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Company values... unknown is unloved

Working together, honesty, respecting each other, openness and enthusiasm. These are company values that come up all the time. They are empty words that don’t seem to have almost any meaning during my team coaching sessions. They are misunderstood or not understood at all and seldom translate to the wanted behaviour. In short, company values rarely come to life in a company.

No big deal? It is. What if tomorrow we would all be driving on the highway… without traffic rules! One big failure. I am admitting that it wouldn’t be such a mess if employees didn’t take the company values as seriously. But still, company values are essential. Firmly rooted values make sure everyone is heading the same way even if things are tough for a while.

In principle we all know the traffic rules. Mulish drivers literally pay the bill for their lessons but eventually we all succeed in driving civilised (in traffic jams) for a few hours a day. Companies learn from experience as well to keep their own ‘traffic flow’ fluent. Every day people from different nationalities, backgrounds and schooling have to work together. Maybe the comparison with a highway isn’t that strange now, is it? Right?

But a company is amorphous. To disregard the company values isn’t life-threatening - thank God - and a system of punishment seems to go too far. But how do you handle it then? Usually I hear stories of quarterly meetings with the CEO and large teambuilding events. They sometimes scornfully hum ‘Fietsen op de heide’, a Dutch song by Herman van Veen…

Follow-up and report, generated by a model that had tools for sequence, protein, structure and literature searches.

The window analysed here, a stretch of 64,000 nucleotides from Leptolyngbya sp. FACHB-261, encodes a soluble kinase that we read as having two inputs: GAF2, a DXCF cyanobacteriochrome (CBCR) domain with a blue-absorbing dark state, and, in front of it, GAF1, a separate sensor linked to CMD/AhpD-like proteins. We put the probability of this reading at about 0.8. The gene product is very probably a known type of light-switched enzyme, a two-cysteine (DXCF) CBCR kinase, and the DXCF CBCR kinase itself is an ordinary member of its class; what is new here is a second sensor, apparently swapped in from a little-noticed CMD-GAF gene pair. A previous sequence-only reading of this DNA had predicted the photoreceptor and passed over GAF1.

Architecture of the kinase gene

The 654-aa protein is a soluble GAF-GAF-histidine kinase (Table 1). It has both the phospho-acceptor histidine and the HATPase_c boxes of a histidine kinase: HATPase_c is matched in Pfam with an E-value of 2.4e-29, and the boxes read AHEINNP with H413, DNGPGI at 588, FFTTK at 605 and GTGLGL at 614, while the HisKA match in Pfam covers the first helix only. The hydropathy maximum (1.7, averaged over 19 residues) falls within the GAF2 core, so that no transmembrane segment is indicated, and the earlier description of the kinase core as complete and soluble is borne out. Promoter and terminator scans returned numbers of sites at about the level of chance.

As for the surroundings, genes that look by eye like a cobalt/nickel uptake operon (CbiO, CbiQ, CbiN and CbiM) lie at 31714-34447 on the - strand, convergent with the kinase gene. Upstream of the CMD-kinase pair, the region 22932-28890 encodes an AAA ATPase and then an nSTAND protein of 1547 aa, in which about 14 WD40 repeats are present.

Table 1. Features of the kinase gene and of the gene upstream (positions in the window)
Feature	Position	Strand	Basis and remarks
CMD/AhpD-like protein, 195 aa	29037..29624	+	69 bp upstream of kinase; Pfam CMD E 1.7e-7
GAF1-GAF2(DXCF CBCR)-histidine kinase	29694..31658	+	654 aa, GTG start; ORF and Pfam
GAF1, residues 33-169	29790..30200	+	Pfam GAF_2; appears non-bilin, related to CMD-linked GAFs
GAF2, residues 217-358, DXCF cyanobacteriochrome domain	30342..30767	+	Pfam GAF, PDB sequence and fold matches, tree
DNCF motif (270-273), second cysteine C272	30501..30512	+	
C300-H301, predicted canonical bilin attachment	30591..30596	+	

But still, company values often don’t sink in, even though the HR team tries its best. From experience we can distinguish five that cripple the power in communicating them:
  1. Too much top-down
  2. Complicated language
  3. Too many items on the list
  4. Too abstract- without examples so no recognition
  5. (last but not least!) Too little good examples by the top.
So make your long list of company values into a short checklist with rules which are not to be broken. The essence. A selection of at most five values that are essential to the company. This you can do best in a cross-functional workshop with the leadership team. I strongly value the following:
  1. Active listening (essential to be able to work in a team)
  2. Keeping each other responsible (a part of delegating)
  3. Entrepreneurial behaviour (essential to work out a strategic plan)
  4. Keep on thinking about the client (without this focus there is no growth)
In conclusion I want to emphasise that everything and therefore company values too look good on paper. But there is also the practical part. The employees have to live and breathe life into the company values. Repeat them on every occasion, use them, set a good example… in other words… be a good pater familias at work!

Herman

By Herman van Herterijck

"my ambition is to put the importance of pragmatic and continuous self-coaching on the agenda of current business leaders"

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